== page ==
ZMA is a feable substance, what can I say? It can't take much. The reason for avoiding this stack is already explained in my article on testosterone potentiators. This is one of the stacking commandments most often ignored. I have found four such stacks so far, and one of them that tries to pass its supplements off as legitimate and scientifically backed. NAC has an effect on saving testosterone, but minor. It's mostly used as an inhalant to combat respiratory problems because it broncho-dilates. ZMA is a powerful testosterone booster, in fact the most effective natural one. But NAC has the unfortunate side-effect of excreting more Zinc and Copper in the urine, again negating the effect of Zinc that ZMA hinges on. So watch out when buying testosterone boosting stacks.
Vitamin E and Prohormones
Vitamin E is a popular anti-oxidant amongst athletes and justly so. I myself supplement 400 IU most of the year. But when on a prohormones stack it may be wise to give it a rest for a couple of weeks. As a fat-soluble vitamin your storages are plentiful if you supplement year-round. But Vitamin E will inhibit the effect of prohormones, and even some test boosters. The conversion will not happen fully, and that's only if the prohormones actually reach receptors. You are potentially cutting your gains by 50 to 60 percent. Prohormones stack well with most supplements though. Just kick back the vitamin E, you'll be getting small amounts in your multi anyway.
Creatine and Ribose
This stack makes a lot of sense. If only the people who stacked it had some common sense. The amounts in which Ribose is stacked with creatine are totally ineffective, making for an expensive urine-filler if you are aware of the cost of Ribose. I would actually suggest taking them separately, like 5 grams of Ribose during the workout and 5 grams of creatine immediately after the workout. At 2.5 grams or less, you are unlikely to experience any benefits, even long-term.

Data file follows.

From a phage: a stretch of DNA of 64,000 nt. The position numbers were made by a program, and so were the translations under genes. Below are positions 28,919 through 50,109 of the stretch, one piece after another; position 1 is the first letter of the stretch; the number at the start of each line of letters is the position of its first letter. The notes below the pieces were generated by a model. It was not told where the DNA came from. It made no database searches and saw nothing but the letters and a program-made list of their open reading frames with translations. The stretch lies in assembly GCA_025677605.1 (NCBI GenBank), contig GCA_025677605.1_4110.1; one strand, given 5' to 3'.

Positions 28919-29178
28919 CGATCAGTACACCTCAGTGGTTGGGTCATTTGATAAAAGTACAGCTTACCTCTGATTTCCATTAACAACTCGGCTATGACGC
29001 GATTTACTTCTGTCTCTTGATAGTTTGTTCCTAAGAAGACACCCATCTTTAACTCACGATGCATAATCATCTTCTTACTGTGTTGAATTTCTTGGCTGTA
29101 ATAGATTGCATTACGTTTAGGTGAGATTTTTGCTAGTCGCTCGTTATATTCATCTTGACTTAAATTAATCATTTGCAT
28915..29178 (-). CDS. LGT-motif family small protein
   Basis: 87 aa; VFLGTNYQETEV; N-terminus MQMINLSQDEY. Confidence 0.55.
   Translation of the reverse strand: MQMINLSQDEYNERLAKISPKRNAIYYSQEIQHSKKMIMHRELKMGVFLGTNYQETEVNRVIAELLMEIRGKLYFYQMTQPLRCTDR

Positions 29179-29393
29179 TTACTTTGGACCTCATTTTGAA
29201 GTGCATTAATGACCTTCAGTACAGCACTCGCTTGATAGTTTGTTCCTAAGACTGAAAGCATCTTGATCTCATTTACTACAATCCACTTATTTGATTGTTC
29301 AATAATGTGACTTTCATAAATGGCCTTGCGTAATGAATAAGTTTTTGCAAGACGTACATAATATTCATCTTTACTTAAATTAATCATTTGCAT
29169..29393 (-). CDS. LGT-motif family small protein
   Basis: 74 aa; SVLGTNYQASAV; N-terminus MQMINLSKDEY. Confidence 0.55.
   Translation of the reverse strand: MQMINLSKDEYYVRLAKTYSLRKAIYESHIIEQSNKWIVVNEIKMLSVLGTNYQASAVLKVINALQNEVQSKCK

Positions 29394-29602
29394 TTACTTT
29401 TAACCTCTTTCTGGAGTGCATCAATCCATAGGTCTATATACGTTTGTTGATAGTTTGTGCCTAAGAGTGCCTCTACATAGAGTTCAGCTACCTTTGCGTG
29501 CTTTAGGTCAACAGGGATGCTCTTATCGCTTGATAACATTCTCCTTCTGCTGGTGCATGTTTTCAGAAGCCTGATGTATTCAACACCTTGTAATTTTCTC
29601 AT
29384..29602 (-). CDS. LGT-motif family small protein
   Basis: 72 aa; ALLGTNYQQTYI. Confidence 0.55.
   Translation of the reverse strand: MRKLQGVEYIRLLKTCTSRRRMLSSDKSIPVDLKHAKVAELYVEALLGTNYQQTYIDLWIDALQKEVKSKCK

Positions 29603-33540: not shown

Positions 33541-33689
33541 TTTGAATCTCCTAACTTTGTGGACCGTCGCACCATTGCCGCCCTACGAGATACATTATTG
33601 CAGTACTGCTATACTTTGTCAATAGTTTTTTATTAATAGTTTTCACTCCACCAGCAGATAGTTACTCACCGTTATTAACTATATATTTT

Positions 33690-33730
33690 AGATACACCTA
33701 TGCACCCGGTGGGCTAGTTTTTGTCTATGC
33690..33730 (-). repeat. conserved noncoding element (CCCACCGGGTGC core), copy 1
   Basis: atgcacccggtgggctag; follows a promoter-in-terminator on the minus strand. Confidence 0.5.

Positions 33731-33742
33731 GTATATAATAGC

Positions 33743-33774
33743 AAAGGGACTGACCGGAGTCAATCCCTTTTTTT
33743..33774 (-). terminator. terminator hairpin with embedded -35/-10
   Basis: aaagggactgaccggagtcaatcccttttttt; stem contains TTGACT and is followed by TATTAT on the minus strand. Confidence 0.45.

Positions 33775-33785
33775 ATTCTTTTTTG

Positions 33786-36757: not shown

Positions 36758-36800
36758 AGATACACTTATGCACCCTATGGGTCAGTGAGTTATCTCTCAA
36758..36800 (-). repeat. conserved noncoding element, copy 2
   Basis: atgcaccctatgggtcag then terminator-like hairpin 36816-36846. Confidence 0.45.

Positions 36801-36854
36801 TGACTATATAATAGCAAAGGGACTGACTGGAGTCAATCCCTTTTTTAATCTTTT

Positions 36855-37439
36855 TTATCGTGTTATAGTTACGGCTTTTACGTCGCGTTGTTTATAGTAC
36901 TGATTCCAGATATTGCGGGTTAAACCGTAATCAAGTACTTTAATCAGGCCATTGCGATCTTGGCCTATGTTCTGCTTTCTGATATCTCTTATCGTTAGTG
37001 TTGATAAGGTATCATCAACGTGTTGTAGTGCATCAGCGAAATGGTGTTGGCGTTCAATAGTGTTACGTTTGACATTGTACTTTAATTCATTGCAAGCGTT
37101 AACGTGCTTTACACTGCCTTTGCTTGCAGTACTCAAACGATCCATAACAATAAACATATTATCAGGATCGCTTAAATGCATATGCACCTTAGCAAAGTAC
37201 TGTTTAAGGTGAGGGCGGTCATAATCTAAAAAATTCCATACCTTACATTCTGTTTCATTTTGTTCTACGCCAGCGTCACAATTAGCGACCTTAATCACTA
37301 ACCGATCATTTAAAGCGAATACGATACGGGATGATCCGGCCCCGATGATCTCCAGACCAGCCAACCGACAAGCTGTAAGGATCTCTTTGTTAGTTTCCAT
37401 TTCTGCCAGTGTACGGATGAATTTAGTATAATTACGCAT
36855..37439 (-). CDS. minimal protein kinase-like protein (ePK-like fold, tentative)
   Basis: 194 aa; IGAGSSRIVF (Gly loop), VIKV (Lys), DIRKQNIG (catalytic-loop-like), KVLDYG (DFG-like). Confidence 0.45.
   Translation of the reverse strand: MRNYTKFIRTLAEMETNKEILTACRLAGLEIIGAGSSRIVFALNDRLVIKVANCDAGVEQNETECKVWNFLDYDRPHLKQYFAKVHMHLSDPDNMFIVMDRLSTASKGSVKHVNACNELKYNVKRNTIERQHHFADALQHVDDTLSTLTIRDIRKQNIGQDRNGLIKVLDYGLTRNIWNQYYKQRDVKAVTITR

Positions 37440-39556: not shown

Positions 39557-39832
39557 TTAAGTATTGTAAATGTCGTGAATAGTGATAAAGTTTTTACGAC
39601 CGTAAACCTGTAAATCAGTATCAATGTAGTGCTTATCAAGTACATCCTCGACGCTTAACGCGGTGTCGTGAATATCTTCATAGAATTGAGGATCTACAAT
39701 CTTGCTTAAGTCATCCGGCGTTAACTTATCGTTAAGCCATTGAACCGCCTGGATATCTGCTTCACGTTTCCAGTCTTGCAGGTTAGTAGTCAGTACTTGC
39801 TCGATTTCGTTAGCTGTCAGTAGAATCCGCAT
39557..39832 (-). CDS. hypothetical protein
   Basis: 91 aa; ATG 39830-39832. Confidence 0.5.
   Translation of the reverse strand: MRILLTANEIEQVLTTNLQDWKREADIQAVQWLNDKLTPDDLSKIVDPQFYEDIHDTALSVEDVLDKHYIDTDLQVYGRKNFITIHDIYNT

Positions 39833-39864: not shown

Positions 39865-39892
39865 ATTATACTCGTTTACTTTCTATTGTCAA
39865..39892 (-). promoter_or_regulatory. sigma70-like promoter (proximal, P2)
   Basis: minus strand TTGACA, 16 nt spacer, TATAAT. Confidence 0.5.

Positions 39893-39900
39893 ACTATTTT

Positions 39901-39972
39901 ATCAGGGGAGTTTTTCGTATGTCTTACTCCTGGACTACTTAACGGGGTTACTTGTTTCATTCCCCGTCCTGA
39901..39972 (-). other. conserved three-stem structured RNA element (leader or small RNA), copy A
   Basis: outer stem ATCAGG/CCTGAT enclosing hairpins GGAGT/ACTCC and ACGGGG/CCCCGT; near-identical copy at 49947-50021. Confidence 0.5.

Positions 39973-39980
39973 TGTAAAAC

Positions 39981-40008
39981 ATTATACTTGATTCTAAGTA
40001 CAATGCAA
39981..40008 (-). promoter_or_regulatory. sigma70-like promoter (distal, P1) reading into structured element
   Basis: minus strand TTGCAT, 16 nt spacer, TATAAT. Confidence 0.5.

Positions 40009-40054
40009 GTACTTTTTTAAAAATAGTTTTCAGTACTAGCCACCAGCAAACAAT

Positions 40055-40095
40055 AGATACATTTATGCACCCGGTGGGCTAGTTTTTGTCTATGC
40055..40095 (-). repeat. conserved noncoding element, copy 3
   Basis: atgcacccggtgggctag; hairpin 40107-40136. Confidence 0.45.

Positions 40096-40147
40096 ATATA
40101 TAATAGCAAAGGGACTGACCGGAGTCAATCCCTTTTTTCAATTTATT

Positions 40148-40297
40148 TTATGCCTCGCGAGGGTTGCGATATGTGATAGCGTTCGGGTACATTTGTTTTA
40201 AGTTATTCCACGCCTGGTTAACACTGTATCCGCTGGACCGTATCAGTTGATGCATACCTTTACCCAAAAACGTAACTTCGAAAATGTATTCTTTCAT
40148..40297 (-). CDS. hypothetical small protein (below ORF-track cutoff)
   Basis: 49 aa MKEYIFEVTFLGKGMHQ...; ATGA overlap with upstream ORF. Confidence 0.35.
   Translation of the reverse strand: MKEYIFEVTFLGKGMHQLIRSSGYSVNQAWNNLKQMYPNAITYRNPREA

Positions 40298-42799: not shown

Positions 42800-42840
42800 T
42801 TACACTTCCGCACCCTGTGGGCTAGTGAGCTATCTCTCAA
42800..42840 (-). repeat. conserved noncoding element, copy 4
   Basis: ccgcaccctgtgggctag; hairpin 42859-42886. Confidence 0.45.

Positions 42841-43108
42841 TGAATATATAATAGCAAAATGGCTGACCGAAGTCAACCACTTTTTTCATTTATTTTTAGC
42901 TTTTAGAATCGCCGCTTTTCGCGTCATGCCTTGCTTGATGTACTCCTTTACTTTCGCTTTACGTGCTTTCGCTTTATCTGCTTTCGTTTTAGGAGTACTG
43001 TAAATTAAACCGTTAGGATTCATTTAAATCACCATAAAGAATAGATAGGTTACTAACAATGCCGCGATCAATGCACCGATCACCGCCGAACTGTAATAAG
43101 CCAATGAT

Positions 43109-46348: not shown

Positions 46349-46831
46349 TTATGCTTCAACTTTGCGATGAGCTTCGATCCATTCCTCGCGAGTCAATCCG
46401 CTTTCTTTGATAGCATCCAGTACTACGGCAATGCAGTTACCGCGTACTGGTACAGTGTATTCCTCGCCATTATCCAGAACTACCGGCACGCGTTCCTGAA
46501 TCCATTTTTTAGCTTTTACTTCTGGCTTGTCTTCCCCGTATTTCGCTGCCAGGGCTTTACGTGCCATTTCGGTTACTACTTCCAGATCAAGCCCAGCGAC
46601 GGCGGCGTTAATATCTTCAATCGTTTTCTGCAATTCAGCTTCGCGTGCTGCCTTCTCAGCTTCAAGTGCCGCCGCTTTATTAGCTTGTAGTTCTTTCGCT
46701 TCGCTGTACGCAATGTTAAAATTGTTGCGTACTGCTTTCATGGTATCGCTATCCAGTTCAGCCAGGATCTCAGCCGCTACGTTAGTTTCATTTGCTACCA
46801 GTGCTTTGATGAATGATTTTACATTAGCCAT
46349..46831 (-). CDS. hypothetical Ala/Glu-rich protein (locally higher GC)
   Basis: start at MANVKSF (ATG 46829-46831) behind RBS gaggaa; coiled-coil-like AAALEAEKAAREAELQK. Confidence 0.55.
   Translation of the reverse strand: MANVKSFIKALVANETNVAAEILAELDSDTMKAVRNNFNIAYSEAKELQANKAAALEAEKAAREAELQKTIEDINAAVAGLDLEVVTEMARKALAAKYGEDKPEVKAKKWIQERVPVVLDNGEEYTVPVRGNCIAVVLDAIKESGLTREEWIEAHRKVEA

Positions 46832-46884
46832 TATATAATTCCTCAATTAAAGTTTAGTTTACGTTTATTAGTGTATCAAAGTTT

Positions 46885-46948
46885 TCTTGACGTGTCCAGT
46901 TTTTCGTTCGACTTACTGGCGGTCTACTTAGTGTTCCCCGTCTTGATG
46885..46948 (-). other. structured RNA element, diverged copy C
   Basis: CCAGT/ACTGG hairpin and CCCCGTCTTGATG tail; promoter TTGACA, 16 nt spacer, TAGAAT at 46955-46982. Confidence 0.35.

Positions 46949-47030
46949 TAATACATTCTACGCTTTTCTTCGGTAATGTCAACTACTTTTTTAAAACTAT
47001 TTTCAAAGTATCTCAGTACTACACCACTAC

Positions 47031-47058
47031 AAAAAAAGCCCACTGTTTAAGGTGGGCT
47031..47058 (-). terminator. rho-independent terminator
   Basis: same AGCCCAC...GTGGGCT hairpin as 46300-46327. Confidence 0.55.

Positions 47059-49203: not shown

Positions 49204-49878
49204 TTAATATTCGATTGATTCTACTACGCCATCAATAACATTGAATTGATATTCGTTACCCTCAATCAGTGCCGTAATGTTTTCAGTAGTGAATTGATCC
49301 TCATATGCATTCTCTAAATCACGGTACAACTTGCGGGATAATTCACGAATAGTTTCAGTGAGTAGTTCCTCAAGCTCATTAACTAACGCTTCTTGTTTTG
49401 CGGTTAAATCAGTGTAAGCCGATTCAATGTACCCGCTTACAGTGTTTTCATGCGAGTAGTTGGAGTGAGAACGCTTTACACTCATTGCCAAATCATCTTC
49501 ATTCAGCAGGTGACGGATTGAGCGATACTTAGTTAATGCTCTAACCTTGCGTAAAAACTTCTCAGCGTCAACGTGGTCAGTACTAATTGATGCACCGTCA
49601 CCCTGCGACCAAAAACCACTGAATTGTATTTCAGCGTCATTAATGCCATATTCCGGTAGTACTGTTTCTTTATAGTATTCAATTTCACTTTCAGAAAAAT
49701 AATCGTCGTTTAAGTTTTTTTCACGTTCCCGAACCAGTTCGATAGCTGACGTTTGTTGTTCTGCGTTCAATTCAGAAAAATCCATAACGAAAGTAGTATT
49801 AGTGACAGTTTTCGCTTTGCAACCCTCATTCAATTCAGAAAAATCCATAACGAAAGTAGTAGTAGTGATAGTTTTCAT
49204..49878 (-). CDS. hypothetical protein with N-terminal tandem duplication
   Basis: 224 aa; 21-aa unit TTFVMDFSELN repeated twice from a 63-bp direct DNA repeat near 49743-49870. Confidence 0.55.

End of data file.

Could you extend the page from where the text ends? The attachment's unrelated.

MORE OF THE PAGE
I wish I could tell you this is a definite article that is a fail-safe against buying bad supplements, but it's not. I just know that the next magazine I pick up is a treasure for new stupidities among supplement ads. For every great supplement manufactured, some idiot will try to get a piece of the pie, the million-dollar pie that gullable shoppers provide them with. It's not surprising that many experienced bodybuilders look upon this industry as a cesspool of corruption and fraud. I don't need convincing of what works and what doesn't. When in doubt, find out. Of course not everyone has the ability to test supplements, which is why I hoped that some of my articles provided a clearer picture of the industry and provided you with enough information to make sure you don't get ripped off. Believe it or not, most people working at supplement stores and companies know less about the product than you do, so there isn't much help to be had from that corner (No, I don't mean you Fit, but face it, you're an exception to the rule). If I can save a few people some money or get more size for their buck, I'm a happy man. It sounds cheesy but it's true. Call it my good deed.